Jennifer Wargo, MD, Graduate School faculty member and professor of Surgical Oncology and Genomic Medicine at The University of Texas MD Anderson Cancer Center, has received a 2023 Edith and Peter O’Donnell Award in Medicine from the Texas Academy of Medicine, Engineering, Science and Technology (TAMEST) for her contributions to the understanding of how the gut microbiome influences responses to immunotherapy and other cancer treatments. She is affiliated with the Program in Immunology.
The O’Donnell Awards are given annually in five categories to recognize and support rising Texas researchers who are addressing the essential roles that science and technology play in society, and whose work meets the highest standards of exemplary professional performance, creativity and resourcefulness. Wargo will be honored at the 2023 O’Donnell Awards ceremony in May in Houston.
“I am humbled to be a part of this outstanding group of researchers chosen for the O’Donnell Awards and to be recognized for our team’s work on the microbiome,” Wargo said. “I am proud to have worked with many talented team members over the years to bring a greater understanding of the gut microbiome and its major role in regulating the anti-tumor immune response. We will continue to advance this work to bring meaningful benefits to our patients.”
Wargo led a team of researchers to discover that patients with metastatic melanoma had improved responses to immunotherapy if they had a more diverse population of microbes or an abundance of certain types of bacteria in their gut. These findings were published in Science.
Through continued research, her team has been able to determine how changes to the microbiome can positively impact immunity and immunotherapy response during cancer treatments. Follow-up research, also published in Science, demonstrated that a high-fiber diet was associated with improved responses to immunotherapy. This led to an ongoing MD Anderson clinical trial, led by Carrie Daniel-MacDougall, Ph.D., and Jennifer McQuade, M.D., to prospectively evaluate the impact of a high-fiber diet on the microbiome and immunotherapy responses in patients with melanoma and other cancers.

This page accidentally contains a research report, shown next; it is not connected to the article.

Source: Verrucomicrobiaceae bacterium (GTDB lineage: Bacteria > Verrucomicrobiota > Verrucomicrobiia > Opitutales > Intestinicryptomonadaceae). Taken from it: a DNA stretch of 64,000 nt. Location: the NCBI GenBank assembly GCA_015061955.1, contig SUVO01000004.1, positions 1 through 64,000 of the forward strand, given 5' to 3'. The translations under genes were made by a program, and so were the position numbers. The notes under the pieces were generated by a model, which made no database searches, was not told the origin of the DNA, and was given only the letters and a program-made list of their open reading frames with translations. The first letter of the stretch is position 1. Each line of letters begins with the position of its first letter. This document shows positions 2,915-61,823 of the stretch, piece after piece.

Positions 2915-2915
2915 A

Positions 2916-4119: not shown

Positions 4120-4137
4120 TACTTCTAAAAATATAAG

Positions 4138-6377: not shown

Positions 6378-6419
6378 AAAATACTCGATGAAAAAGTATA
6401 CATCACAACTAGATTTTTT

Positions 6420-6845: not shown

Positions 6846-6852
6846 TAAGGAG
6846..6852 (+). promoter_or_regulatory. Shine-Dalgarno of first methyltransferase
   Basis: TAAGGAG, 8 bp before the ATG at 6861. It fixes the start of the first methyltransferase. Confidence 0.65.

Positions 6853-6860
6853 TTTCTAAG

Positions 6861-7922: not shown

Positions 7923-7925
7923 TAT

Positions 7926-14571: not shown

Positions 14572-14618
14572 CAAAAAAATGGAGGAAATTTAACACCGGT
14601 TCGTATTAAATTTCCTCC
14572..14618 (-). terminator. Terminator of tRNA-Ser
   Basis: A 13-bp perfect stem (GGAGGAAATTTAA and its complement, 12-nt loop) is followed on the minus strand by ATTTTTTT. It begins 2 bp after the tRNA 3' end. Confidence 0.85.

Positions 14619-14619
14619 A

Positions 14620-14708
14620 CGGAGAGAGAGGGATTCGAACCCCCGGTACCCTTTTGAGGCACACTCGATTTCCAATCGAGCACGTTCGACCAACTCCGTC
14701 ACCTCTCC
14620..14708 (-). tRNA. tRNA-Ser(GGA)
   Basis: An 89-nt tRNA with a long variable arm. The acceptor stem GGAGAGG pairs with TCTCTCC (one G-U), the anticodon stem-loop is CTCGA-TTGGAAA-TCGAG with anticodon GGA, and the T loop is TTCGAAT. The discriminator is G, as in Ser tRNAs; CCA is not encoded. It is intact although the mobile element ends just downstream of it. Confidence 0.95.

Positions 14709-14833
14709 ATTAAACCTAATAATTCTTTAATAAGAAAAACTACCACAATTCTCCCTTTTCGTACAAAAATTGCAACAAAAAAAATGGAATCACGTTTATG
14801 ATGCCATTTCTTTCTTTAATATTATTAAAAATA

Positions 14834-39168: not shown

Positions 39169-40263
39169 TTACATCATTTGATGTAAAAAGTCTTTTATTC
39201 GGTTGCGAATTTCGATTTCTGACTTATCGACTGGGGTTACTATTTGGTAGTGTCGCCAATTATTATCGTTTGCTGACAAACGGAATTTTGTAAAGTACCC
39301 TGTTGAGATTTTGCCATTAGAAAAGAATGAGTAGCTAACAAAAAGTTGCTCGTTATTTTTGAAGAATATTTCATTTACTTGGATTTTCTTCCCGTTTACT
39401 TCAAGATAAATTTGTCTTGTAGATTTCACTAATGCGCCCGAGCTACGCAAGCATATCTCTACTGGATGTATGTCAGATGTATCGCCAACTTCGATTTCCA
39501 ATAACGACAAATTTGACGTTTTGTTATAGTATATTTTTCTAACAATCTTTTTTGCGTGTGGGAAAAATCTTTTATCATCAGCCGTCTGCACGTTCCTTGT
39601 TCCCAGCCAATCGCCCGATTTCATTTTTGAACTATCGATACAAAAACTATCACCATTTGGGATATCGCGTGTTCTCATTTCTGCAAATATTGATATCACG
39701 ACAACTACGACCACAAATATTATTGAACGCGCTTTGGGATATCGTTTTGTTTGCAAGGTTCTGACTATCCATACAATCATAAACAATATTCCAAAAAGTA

“Dr. Wargo’s commitment to understanding the role the gut microbiome plays in a patient’s treatment response has been groundbreaking. This award is a testament to her tireless efforts to further our knowledge of cancer,” said Giulio Draetta, MD., PhD, fellow school faculty member and MD Anderson chief scientific officer. “We applaud her team’s dedication to this area of research, and to improving the lives of her patients.”
A world-renowned physician scientist, Wargo is committed to the advancement of research and treatment of disease through science. Her previous research demonstrated that treatment with molecularly targeted therapy could sensitize tumor cells to treatment with immunotherapy, providing the rationale for combined targeted therapy and immunotherapy combinations.
Wargo came to MD Anderson in 2013 to help lead the Melanoma Moon Shot® and to continue translational research on targeted therapy, immunotherapy and the impact of the gut and tumor microbiome in cancer. She leads the Platform for Innovative Microbiome and Translational Research (PRIME-TR) at MD Anderson to advance novel microbiome-targeted therapeutic approaches. She is devoted to working with investigators across the institution and around the world to find better ways to treat, intercept and prevent cancer.
“I am proud to have nominated Dr. Wargo for this award so that she may be recognized for her insightful research and for her relentless commitment to patients,” said James P. Allison, PhD, faculty member, regental chair of Immunology, and director of the James P. Allison Institute at MD Anderson. “Her team’s pioneering work has already brought tremendous new insights and will continue to inspire many promising new cancer treatments in the future.”
Watch the TAMEST award video on Wargo’s groundbreaking research here.